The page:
Dispatches From The North
Tania Kindersley lives in the North East of Scotland with two amiable lab collie crosses and one very grumpy Gloucester Old Spot pig. She co-wrote Backwards In High Heels: The Impossible Art of Being Female, with Sarah Vine.
The unsung four-legged heroes of the Olympics
I’ve decided that I shall officially get excited about the Olympics. There is, of course, a huge amount to grumble about. The car lanes stuffed with sponsors and bogus VIPs, the ghastly creaking corporate bandwagon, the idiocy of having a great sporting event sponsored by crappy hamburgers and sugary drinks, the security fiasco: all make one’s heart sink into one’s boots. But it would be sad to allow all that to obscure the human side.
This morning, Alice Plunkett, whom I watch all winter as she presents Channel Four Racing, tweeted that the lovely Lionheart had set off for Greenwich. He is the horse of her husband, the great eventer William Fox-Pitt. As all the noise is of the famous sprinters, the swimming hopes and the cycling heroes, the horse side of the British contingent is often overlooked. Eventing is the most minority of sports, after all. I always love the Olympic three day event, but now that I have a horse of my own, I feel it even more keenly.
It is one of the most challenging disciplines of any sport. It is, essentially, a triathlon with horses. First, they must do the delicate, controlled, precise test that is dressage. Then, they must go flat out across country, over terrifying fixed obstacles, with huge drops, shining water features, and any other kinds of novelty that the course builders may dream up. This requires strength, stamina, courage and accuracy. It’s about as far away from dressage as you can imagine. Then, they must go into the show-jumping ring, and tackle a completely different kind of fence, with fragile poles that can fall at the flick of a hoof.
Merely getting a horse to the event in good shape is an Olympic achievement in itself. Horses have the tendency to break your heart; already, one poor Australian has been in tears in front of the world’s press, as he discovered his horse would not recover from a leg injury in time for Greenwich. That is why I think it is time to forget the grumbles and concentrate on the human factor. For four years, Fox-Pitt and his team will have been working and planning and training. The horses will have been schooled and tested and loved and fretted over, all to bring them to their peak for this one great moment.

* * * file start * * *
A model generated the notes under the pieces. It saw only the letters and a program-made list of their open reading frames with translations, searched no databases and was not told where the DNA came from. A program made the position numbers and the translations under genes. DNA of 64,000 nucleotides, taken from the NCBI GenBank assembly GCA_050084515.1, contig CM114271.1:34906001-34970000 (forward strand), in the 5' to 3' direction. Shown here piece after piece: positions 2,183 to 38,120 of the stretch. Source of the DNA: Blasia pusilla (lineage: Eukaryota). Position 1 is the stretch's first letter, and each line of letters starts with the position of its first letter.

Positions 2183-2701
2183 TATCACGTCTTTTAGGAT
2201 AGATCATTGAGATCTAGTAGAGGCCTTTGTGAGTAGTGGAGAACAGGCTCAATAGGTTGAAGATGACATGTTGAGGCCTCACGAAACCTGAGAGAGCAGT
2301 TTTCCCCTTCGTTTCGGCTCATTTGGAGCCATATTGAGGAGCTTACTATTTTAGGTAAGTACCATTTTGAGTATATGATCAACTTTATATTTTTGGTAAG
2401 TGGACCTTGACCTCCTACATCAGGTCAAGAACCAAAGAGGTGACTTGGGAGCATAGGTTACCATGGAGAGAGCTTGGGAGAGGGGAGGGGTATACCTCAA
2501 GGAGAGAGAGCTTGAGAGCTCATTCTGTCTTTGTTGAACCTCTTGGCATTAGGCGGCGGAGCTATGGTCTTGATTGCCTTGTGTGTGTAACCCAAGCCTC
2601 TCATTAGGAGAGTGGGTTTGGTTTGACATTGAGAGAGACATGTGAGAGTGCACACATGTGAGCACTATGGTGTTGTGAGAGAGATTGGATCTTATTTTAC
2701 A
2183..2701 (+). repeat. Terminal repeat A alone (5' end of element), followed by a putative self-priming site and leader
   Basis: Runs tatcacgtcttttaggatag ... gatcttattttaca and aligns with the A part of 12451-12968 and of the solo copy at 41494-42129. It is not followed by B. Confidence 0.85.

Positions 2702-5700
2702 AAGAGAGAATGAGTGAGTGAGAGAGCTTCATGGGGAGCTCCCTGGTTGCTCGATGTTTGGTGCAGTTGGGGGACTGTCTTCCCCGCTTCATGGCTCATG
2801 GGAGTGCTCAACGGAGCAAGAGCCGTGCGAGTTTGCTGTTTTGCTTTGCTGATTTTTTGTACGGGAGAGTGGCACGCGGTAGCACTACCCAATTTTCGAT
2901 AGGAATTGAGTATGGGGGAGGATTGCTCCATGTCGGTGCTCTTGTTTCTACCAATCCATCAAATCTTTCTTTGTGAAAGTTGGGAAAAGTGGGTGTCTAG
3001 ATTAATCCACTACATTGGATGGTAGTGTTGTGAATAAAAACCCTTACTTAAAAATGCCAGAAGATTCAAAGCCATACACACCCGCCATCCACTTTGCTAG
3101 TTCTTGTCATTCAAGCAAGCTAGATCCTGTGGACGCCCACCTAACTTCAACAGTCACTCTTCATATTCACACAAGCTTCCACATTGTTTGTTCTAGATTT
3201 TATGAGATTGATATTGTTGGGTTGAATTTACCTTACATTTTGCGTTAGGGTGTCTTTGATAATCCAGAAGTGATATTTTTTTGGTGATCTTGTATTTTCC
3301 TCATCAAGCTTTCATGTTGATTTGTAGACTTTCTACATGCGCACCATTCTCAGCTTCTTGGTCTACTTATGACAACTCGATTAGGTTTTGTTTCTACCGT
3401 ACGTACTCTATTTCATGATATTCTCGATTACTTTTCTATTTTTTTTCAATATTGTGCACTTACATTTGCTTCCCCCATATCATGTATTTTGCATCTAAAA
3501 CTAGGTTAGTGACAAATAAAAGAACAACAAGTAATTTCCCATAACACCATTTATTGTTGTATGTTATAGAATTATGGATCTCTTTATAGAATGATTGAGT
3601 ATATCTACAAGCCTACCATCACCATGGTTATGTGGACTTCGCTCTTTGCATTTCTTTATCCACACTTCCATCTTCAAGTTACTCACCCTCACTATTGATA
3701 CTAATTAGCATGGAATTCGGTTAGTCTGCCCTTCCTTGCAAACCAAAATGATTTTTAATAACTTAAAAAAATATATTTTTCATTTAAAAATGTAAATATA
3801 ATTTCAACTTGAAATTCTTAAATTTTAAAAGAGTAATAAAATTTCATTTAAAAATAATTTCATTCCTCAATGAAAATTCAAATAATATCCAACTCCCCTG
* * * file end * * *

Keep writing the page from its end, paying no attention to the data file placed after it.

When the world is thinking of Usain Bolt and Chris Hoy, I shall be crossing my fingers for Miners Frolic, High Kingdom, Imperial Cavalier, Opposition Buzz and Lionheart. These are names unknown to the great British public, faces that have never appeared on the front pages, but who will be giving every last ounce of heart and guts in one of the most demanding quests for Olympic glory.
Also, quietly, and without fanfare, the equestrian team redresses the often wonky imbalance between male and female competitors. My battered old feminist heart is gladdened by the fact that, alongside William Fox-Pitt, there will ride Zara Phillips, Mary King, Nicola Wilson, and Tina Cook. Although eventing is one of the toughest and most dangerous of pursuits, it is that sporting rarity: a discipline where men and women compete on equal terms, and the women often triumph. Age is no barrier. Sport is often the province of the young, yet Mary King is competing at the highest level, at the peak of her powers, representing her country at the age of fifty-one. (The mighty New Zealand champion, Mark Todd, is fifty-six and still at the very top of his game.)
If you look at the Olympic pages in the press, there is hardly a mention of the horses. But they are the ones who are closest to my heart. They and their riders will have been rising at dawn every morning, working for hours each day, out in the weather, focused entirely on this fine moment. These tough, industrious men and women don’t care about the traffic lanes and the internecine politics of the Olympic committee. They care about excellence, in one of the most testing sports of all. They care about representing their country with pride, which is not something you do every day. I’m damn well not going to get cynical about that. I shall be shamelessly shouting my head off. I may even have a little bet. 5-2 for gold on William Hill must be worth a fiver. Go, go, Team GB.
Daily tip from the lady archive
"NEW clothes are the most wonderful tonic in the world. The meekest of women going out for the first time in her new hat and suit will achieve a feeling of jauntiness which comes from her deep inner satisfaction."The Lady. Keep Joy In Your Clothes. 18th January, 1934